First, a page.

Extraordinary Women of the Medieval and Renaissance World: A Biographical Dictionary

By Carole Levin; Debra Barrett-Graves et al. | Go to book overview

THE COOKE SISTERS
Mildred (1526-1589), Anne (1528-1610), Elizabeth (1528-1609), Katherine (d. 1583), Margaret (d. 1558)

Britain
Writers

Anthony Cooke, former tutor to Edward VI and a member of Parliament under Queen Elizabeth I, and his wife Ann Fitzwilliam had five daughters at a time when girls were more of a financial curse than a familial blessing. During the early sixteenth century, humanists encouraged female education, and Cooke had his daughters Mildred, Anne, Elizabeth, Katherine, and Margaret study Greek, Hebrew, Italian, and Latin. Their father, a devout Protestant, insisted their education also have a religious focus. Margaret died young, and her writings did not survive her; the other sisters were all known for their education and as translators of religious works. Such translations, as opposed to original works, were more acceptable for women scholars of the period.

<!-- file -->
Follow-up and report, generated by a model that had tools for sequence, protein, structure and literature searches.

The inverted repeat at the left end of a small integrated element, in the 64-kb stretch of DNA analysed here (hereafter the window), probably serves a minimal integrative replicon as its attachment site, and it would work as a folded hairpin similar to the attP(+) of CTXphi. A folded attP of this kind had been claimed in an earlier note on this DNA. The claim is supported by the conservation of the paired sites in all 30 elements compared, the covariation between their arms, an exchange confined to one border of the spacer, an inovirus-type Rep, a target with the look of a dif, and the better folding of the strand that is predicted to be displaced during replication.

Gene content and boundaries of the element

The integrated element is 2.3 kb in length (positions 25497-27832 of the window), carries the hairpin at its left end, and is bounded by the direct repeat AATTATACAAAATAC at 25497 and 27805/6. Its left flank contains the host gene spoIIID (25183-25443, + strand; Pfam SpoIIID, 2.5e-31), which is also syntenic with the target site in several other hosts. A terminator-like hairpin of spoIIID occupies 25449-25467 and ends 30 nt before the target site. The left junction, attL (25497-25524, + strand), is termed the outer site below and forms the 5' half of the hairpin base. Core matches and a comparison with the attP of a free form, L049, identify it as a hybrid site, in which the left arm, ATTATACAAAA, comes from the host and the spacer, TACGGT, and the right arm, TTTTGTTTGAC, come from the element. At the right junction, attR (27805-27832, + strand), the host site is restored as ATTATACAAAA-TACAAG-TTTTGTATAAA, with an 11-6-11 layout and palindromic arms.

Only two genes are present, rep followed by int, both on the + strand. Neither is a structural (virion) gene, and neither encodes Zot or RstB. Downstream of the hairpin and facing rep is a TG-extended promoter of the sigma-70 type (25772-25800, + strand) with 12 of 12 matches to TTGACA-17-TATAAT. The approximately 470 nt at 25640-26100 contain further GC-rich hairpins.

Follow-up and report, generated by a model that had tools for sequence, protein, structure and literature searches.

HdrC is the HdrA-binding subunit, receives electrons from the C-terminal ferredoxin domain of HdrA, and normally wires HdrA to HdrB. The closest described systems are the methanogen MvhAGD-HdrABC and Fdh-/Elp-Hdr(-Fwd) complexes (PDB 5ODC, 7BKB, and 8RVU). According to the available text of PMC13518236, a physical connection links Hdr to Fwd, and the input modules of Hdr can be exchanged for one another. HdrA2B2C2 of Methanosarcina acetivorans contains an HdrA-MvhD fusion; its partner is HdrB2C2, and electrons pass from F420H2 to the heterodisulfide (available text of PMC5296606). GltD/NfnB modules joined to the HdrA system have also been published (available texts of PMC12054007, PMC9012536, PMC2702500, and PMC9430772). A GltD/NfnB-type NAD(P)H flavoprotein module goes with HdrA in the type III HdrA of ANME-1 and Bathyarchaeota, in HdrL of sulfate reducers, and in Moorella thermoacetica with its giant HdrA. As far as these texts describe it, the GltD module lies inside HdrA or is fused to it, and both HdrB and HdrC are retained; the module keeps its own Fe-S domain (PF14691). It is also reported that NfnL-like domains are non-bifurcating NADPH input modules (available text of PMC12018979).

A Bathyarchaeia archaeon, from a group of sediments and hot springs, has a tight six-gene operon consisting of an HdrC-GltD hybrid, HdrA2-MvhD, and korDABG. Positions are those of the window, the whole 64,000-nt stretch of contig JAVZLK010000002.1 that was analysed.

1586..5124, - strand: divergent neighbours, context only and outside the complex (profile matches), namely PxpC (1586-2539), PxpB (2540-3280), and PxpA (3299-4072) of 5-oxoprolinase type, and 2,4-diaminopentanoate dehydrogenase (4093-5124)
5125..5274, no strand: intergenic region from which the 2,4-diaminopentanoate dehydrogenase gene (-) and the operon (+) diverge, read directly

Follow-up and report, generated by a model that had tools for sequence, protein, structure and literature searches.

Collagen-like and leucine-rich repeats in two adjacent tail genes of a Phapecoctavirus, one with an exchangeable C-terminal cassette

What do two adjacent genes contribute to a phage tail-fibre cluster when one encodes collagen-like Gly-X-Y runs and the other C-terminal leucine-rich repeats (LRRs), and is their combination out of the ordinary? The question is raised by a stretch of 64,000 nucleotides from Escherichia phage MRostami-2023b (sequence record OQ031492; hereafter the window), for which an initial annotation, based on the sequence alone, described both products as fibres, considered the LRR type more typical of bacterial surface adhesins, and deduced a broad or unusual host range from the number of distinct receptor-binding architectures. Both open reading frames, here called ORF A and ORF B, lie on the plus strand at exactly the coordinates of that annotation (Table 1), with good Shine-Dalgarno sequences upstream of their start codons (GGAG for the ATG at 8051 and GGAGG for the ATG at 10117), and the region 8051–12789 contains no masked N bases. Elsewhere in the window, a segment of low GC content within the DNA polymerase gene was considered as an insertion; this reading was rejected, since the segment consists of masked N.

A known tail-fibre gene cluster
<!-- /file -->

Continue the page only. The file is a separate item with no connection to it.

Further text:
Mildred Cooke, the oldest of Anthony's daughters, was tutored by Giles Lawrence, a prominent Greek professor. Although Roger Ascham, Elizabeth I's tutor, claimed that Mildred and Lady Jane Grey, Elizabeth I's cousin, were the two most learned women in England, we have only Mildred's contemporaries to rely upon regarding her reputation as an exemplary author, as her work has not survived. None of her works ever saw publication even though she was probably the most famous of the Cooke women, possibly due to her marriage to William Cecil, Lord Burghley, principal secretary to Queen Elizabeth I. Credited with being a devout reader, Mildred translated the work of Chrysostom, a Greek author and early church father. Her translation, which most likely received a wide circulation, was considered by her contemporaries as an impressive accomplishment. In addition to her writing, Mildred also cared for her own children and her husband's many wards.

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